Review by Frank Plowright
The longer Monstress has run, the more complicated it’s become. Marjorie Liu’s vast fantasy background is consistent in her head, and there’s definitely much left to reveal, but anyone only consuming via the annual trade editions needs an exceptional memory, as Warchild features no recaps to refresh people. Perhaps that could be considered in future, given eighteen prominent characters appear in the opening chapter alone.
Maika carries something powerful and most likely evil within, which feeds in a gruesome manner. She’s been reunited with Kippa, met and been disappointed with her father during The Chosen, and it would seem old grudges reignited mean war is inevitable. As ever, much has changed by the end. Monstress is a series of unusual density. War may be coming, but many factions have been introduced, and schisms within those factions, yet between them Liu and Sana Takeda supply a clarity, at least regarding who people are, if not where their ultimate loyalties lie.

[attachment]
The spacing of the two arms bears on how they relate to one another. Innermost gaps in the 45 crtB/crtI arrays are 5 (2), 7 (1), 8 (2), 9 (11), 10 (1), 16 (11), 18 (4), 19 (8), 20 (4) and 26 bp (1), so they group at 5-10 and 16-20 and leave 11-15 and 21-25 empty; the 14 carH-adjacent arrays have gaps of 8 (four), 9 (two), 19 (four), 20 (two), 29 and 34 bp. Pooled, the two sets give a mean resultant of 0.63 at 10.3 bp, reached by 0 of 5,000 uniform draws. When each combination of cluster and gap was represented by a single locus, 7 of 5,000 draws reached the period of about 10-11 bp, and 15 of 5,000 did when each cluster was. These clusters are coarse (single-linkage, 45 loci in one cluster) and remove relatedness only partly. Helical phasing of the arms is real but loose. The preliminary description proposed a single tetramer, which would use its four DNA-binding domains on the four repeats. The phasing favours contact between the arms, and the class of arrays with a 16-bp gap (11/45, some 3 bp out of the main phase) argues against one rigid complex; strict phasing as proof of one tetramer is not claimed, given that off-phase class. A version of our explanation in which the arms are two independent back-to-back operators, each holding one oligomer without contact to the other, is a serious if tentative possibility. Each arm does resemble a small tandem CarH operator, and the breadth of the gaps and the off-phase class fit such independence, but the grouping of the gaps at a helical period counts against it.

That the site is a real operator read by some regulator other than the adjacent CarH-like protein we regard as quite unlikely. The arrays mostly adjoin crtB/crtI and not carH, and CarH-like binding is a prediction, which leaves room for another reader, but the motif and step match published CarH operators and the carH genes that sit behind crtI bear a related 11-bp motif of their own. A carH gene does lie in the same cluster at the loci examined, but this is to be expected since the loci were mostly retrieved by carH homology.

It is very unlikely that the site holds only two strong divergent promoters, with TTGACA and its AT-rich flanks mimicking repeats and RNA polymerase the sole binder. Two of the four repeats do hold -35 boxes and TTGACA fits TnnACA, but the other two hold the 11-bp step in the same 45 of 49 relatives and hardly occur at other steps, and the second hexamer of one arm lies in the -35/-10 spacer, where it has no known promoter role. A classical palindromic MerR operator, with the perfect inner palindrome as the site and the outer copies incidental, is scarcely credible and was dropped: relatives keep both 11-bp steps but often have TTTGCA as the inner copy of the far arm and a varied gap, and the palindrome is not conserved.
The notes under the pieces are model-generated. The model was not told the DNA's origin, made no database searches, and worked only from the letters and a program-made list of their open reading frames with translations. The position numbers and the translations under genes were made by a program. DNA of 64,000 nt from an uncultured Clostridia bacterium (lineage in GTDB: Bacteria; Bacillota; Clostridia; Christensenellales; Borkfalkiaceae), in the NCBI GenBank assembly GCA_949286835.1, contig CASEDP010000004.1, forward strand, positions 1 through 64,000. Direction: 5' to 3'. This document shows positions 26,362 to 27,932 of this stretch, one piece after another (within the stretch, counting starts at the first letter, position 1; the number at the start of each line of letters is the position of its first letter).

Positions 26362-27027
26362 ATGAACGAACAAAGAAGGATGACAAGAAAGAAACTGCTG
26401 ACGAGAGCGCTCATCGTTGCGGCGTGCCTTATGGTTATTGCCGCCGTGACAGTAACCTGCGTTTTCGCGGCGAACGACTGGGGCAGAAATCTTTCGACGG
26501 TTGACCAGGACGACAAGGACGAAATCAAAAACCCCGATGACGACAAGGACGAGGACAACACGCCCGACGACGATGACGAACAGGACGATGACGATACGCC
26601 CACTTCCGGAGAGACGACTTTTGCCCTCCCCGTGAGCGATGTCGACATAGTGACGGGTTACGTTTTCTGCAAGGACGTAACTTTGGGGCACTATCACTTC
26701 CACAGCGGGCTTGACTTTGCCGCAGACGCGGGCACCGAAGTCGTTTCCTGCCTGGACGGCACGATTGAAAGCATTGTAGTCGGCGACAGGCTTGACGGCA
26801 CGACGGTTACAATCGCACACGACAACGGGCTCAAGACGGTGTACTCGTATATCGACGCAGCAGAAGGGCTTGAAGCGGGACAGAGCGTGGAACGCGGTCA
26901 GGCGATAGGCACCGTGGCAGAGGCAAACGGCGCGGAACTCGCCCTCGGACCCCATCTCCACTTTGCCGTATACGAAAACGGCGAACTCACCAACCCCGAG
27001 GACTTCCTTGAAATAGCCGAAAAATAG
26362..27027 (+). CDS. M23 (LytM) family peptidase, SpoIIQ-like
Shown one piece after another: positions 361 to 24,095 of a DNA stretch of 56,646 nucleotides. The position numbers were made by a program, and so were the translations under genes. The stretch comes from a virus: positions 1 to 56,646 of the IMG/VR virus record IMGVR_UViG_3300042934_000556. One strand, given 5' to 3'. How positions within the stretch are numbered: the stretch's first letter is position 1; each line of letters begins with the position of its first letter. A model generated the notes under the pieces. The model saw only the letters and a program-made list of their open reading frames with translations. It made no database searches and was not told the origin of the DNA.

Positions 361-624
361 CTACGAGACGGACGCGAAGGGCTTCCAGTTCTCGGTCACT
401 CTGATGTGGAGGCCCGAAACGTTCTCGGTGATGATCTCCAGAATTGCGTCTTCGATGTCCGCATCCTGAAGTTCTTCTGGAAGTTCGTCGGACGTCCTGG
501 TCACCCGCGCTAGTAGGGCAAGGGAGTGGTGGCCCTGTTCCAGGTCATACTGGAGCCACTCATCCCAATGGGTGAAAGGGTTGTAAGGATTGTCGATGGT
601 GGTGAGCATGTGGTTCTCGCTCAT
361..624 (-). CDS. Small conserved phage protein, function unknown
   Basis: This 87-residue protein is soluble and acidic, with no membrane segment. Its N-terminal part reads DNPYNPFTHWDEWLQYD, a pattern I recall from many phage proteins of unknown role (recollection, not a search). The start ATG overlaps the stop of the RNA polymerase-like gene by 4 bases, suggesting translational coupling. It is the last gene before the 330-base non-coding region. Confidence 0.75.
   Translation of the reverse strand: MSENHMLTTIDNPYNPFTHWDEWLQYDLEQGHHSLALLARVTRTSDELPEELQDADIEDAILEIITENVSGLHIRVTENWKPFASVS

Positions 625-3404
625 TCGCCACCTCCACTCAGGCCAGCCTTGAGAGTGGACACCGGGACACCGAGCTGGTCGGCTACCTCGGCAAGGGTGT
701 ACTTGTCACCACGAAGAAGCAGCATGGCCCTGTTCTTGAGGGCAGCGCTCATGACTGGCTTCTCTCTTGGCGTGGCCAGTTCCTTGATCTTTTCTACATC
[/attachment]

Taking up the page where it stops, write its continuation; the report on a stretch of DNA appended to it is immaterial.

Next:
The city of Ravenna, at the beginning awaiting invaders, is the location for most of Warchild, which lives up to its name by restoring Maika to the focus. More of her past is shown opening each chapter, and she comes to accept what she is and what she can do. It’s a frightening sight, and she proves to be a formidable tactician by adapting what she has at her disposal. Liu has been building to all-out war for some time, and it’s there in microcosm in Ravenna. It’s grim, it’s shocking and it’s an unpleasant lesson for many. Takeda’s art has been phenomenal before, but it steps up another notch. It’s because she doesn’t have to draw imposing characters preening in impressive backgrounds, but barbarity, mutilation and death. As the war over Ravenna progresses Takeda draws a spread showing the before and the reality for some participants, and it’s the entire volume in microcosm. So much hope is crushed.
There is perhaps too great a sentimentality on Liu’s part, as for all the hell of war almost everyone readers are supposed to care about sees the book out in reasonable health, physically at least. The intensity, though, has been increased. There was a small element in previous volumes of somehow thinking all the forecasting would lead to nothing, but any innocence Maika still possessed has now been eradicated. The fallout occurs in The Vow.